We reckon Kawasaki should’ve fitted an electric screen, slightly taller bars and lower pegs instead. That said the H2 SX SE is still an endlessly impressive hyper tourer that can devour continents without breaking a sweat.

Ride quality & brakes

Next up: Engine
4 out of 5 (4/5)

Although physically large and 262kg (almost as much as BMW’s R1250RT), the H2 SX is surprisingly tossable. Steering is accurate and it flicks into corners more easily than anticipated.

Regular suspension on a base H2 SX is supple and nicely-damped, and the new semi-active on the SE feels similar. Constant tweaks based on wheel travel and road speed are subtle, and the ride is far more predictable than, say, Ducati’s Multistrada 1260 S.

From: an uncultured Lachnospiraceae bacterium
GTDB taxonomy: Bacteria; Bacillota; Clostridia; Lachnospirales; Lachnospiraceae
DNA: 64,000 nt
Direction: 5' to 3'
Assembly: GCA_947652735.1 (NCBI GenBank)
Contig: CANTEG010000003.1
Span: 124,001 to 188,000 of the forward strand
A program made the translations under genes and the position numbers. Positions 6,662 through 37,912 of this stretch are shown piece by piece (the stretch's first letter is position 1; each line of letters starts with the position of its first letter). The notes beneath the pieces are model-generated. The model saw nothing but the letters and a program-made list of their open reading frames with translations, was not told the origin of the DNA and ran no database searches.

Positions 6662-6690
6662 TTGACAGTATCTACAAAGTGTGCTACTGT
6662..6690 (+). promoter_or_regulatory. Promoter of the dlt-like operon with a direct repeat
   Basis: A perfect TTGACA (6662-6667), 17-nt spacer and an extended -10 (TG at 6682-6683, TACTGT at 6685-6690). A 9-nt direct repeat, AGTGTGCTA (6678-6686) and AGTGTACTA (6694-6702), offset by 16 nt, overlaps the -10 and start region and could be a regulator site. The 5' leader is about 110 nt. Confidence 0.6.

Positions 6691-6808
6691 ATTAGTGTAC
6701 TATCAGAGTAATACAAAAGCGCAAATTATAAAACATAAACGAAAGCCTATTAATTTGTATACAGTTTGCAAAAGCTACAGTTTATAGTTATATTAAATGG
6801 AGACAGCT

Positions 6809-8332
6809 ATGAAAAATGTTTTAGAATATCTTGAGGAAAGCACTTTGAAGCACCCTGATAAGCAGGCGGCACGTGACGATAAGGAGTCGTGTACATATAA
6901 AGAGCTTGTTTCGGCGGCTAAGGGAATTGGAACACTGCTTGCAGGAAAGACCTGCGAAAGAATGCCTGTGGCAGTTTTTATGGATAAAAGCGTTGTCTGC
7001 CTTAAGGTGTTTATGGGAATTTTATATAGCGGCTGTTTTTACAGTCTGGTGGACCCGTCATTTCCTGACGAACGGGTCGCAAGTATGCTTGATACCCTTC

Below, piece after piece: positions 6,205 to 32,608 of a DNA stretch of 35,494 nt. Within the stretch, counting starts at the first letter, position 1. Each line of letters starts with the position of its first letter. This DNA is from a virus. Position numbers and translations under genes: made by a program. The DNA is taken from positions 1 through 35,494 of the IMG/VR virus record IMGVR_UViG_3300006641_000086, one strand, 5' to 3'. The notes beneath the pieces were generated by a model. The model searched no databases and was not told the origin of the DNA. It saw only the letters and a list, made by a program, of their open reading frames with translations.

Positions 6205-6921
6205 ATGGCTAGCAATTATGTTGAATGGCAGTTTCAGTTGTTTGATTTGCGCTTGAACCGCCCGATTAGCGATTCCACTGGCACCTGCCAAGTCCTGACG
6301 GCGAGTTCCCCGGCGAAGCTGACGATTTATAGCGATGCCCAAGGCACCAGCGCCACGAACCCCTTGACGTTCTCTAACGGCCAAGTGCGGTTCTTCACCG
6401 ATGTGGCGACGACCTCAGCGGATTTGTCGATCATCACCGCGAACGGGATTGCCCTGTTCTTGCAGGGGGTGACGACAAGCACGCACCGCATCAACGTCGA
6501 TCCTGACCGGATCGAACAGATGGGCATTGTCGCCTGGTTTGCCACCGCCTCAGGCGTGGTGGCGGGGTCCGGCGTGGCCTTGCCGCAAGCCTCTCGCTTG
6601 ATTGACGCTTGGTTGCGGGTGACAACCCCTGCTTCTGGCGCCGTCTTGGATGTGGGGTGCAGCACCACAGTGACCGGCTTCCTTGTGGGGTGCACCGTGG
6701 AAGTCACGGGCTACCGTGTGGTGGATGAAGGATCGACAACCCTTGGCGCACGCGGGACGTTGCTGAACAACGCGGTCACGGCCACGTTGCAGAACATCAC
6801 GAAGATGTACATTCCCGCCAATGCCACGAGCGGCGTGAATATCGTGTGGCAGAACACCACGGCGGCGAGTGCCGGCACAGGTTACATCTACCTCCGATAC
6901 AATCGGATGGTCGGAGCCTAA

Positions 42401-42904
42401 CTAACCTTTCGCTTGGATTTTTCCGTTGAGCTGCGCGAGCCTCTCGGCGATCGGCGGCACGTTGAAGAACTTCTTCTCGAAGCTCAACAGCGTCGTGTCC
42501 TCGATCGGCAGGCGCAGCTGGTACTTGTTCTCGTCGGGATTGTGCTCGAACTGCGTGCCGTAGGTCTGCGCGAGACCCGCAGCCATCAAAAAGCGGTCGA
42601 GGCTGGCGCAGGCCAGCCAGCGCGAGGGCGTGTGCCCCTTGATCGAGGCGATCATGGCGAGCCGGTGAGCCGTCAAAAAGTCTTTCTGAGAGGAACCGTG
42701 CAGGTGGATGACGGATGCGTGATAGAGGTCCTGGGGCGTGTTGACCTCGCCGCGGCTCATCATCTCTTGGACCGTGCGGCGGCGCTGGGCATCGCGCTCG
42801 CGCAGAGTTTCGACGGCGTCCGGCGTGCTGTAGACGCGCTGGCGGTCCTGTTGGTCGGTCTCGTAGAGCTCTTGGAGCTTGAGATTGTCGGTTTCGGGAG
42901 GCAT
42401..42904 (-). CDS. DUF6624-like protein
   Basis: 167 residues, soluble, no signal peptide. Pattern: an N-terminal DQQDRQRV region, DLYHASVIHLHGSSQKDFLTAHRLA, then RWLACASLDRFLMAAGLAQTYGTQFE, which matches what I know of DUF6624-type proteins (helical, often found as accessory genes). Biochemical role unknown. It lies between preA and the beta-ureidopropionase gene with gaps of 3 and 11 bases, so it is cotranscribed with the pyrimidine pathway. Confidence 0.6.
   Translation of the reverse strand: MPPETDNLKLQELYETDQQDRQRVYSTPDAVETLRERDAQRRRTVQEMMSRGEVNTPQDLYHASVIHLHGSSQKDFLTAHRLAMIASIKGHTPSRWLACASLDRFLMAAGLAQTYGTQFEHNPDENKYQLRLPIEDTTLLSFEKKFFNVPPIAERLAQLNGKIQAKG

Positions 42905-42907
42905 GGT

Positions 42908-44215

Change mode from Road to Sport and the SE tightens up for even more cornering exactness. The rear shock is shared with the ZX-10R SE, but now has touch-button pre-load too.

2023 Kawasaki Ninja H2 SX SE right hand sweeping bend

For 2023 that whirlwind of a supercharged motor and all those electronics are still wrapped in a steel tubular trellis frame with a single sided swingarm and a riding position that’s on the surprisingly sporty side of touring.

The H2 SX isn’t the last word in spaciousness and comfort for a taller rider, like similarly shaped Suzuki Hayabusas and Kawasaki ZZ-Rs of the past, but you’ll get to your destination so fast your wrists, knees and neck won’t have time to ache.